The Eagala Model is the most standardized of any form of equine-assisted psychotherapy. Although the progression of sessions may differ from case to case, all Eagala treatment is based on the following core principles that shape sessions:
- Sessions are solution-oriented: This means that in the Eagala Model, clients are viewed as the experts on their own experiences and are seen as capable of finding solutions to their problems. Accordingly, sessions are often exploratory and open-ended, with a focus on clients’ creativity and problem-solving rather than directions from the treatment team.
- All activities happen on the ground: There is no horseback riding in the Eagala Model. This means that sessions are generally a progression of interacting with horses from the ground. For example, you might start by getting comfortable being near horses, before moving on to touching them and eventually working with them in activities guided by the rest of the treatment team.
- The treatment team is central: The treatment team consists of the horse (or horses), the mental health professional, and the equine specialist. All three members are present at every session, and the progression of sessions depends in large part on the plan that everyone develops together. Note that the horses are there simply to be themselves! That is, their behavior gives you feedback on your progress and what you might still need to work on.
What happens in a session typical session in the Eagala Model of Equine-Assisted Psychotherapy?
In general, the client works together with the mental health professional and the equine expert (and the horse!) to decide the activities of each session. There is no horseback riding in the Eagala Model.
Some common activities that might happen in a typical session include:
- Identifying goals: You’ll usually begin by discussing your current challenges and goals for treatment with the mental health professional and the equine specialist – before meeting the horse.
- Getting comfortable with horses: Especially at first, you might spend some time just getting familiar with horses and learning how you tend to interact with them.
- Learning how to guide a horse: Over time, the treatment team may guide you toward certain goals, such as working with the horse to walk in a certain pattern or complete an obstacle course. Looking at the way you approach these problems--and the horse’s reaction to you as you do so--can be a powerful way to gain insight into your emotions and ways of expressing yourself.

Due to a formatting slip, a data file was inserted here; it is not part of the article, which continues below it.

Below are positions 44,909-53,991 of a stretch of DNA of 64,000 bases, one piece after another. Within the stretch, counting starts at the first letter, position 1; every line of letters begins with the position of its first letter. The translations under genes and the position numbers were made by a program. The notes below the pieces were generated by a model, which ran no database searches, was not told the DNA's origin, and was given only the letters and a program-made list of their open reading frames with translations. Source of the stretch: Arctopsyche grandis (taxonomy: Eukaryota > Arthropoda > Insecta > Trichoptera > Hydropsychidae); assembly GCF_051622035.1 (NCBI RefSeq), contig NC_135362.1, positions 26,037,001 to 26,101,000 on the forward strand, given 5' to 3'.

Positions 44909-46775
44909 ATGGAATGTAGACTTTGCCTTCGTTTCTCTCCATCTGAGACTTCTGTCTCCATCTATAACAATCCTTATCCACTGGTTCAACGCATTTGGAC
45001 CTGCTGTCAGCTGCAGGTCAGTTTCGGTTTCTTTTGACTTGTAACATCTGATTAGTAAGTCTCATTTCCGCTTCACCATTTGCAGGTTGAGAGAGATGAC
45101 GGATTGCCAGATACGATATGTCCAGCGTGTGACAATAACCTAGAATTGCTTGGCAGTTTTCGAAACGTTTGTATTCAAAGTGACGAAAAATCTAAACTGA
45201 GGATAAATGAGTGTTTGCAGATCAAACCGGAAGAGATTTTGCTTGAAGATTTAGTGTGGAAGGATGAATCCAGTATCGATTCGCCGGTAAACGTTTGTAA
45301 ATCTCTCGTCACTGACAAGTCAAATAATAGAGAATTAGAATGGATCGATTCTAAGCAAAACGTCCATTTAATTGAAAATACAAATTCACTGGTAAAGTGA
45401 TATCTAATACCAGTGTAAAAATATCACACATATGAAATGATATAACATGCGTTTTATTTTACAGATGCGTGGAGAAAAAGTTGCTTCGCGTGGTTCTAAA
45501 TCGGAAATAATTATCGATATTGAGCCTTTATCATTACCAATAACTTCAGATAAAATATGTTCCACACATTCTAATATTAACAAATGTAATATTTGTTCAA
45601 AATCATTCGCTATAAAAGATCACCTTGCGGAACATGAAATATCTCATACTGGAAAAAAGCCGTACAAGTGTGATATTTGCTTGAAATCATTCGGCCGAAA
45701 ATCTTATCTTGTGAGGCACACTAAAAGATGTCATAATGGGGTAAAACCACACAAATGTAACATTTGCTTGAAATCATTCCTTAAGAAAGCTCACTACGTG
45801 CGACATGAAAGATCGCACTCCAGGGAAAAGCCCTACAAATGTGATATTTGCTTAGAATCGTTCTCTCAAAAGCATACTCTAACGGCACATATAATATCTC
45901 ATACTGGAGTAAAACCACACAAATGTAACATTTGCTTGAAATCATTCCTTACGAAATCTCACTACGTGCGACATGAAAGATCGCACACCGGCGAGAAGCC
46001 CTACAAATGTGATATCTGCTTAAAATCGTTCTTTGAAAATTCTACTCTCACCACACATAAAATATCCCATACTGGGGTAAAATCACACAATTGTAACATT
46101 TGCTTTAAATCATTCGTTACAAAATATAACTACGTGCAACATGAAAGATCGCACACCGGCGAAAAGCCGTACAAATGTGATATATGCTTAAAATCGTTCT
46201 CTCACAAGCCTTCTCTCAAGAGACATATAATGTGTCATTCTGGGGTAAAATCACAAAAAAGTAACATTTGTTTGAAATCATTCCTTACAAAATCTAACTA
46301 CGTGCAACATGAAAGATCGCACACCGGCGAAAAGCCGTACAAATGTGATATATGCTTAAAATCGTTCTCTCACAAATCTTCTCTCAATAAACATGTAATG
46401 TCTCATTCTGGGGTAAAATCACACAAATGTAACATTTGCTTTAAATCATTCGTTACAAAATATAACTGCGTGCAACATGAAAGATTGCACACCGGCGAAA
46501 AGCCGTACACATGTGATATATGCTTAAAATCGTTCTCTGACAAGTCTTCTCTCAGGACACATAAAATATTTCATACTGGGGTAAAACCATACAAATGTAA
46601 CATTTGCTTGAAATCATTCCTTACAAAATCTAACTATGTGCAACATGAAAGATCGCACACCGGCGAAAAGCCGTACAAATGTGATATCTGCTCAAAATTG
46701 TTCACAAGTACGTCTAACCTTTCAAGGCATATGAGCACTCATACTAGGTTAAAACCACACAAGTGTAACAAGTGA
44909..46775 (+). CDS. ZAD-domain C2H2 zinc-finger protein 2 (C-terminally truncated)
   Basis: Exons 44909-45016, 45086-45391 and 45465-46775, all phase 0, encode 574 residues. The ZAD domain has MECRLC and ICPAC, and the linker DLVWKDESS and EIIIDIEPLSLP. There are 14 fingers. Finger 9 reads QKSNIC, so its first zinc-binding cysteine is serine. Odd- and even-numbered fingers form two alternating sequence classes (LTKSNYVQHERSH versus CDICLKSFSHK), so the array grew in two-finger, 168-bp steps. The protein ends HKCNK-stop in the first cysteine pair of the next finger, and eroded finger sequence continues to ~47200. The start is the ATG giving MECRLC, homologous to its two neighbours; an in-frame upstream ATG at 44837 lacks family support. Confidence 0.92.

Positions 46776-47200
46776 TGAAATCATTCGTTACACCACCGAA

- Observing the horse’s behavior and your own reactions: A key part of the Eagala Model is learning to notice how the horse reacts to you, and vice versa. Because horses are so large and sensitive, it’s easier to spot patterns in your interactions than it might be with other people.
- Identifying the horse as a metaphor: In some cases, you might explicitly discuss the horse as a metaphor for something else in your life. For example, you might see parallels between the horse and a person in your life. Or you might struggle with a certain activity in a session and realize that the process matches another challenge you’re experiencing outside sessions.
- Discussion with the treatment team: Talking over your experiences with the mental health professional and the equine specialist is a big part of the Eagala Model. They’ll help you understand what’s happening with the horse, process your feelings about it, and relate it to other aspects of your life.
What should I look for in a therapist for the Eagala Model of Equine-Assisted Psychotherapy?
Eagala is somewhat unique in that it requires specific certification for both the mental health professional and the equine specialist. These professionals may come from various professional backgrounds (for example, the mental health professional may be a social worker, psychologist, or psychiatrist), but they must always be certified in the Eagala Model.
The Eagala certification requires advanced degrees and preparation as well as specific training in the Eagala Model, so you should only work with a treatment team in which both professionals are fully certified.
You can learn more about this certification at www.eagala.org.
And remember, it’s important that you feel comfortable with the treatment team, too! If you can, take the time to find professionals who feel like a good fit for your unique needs and personality.
New to therapy? Learn about how to find a therapist here.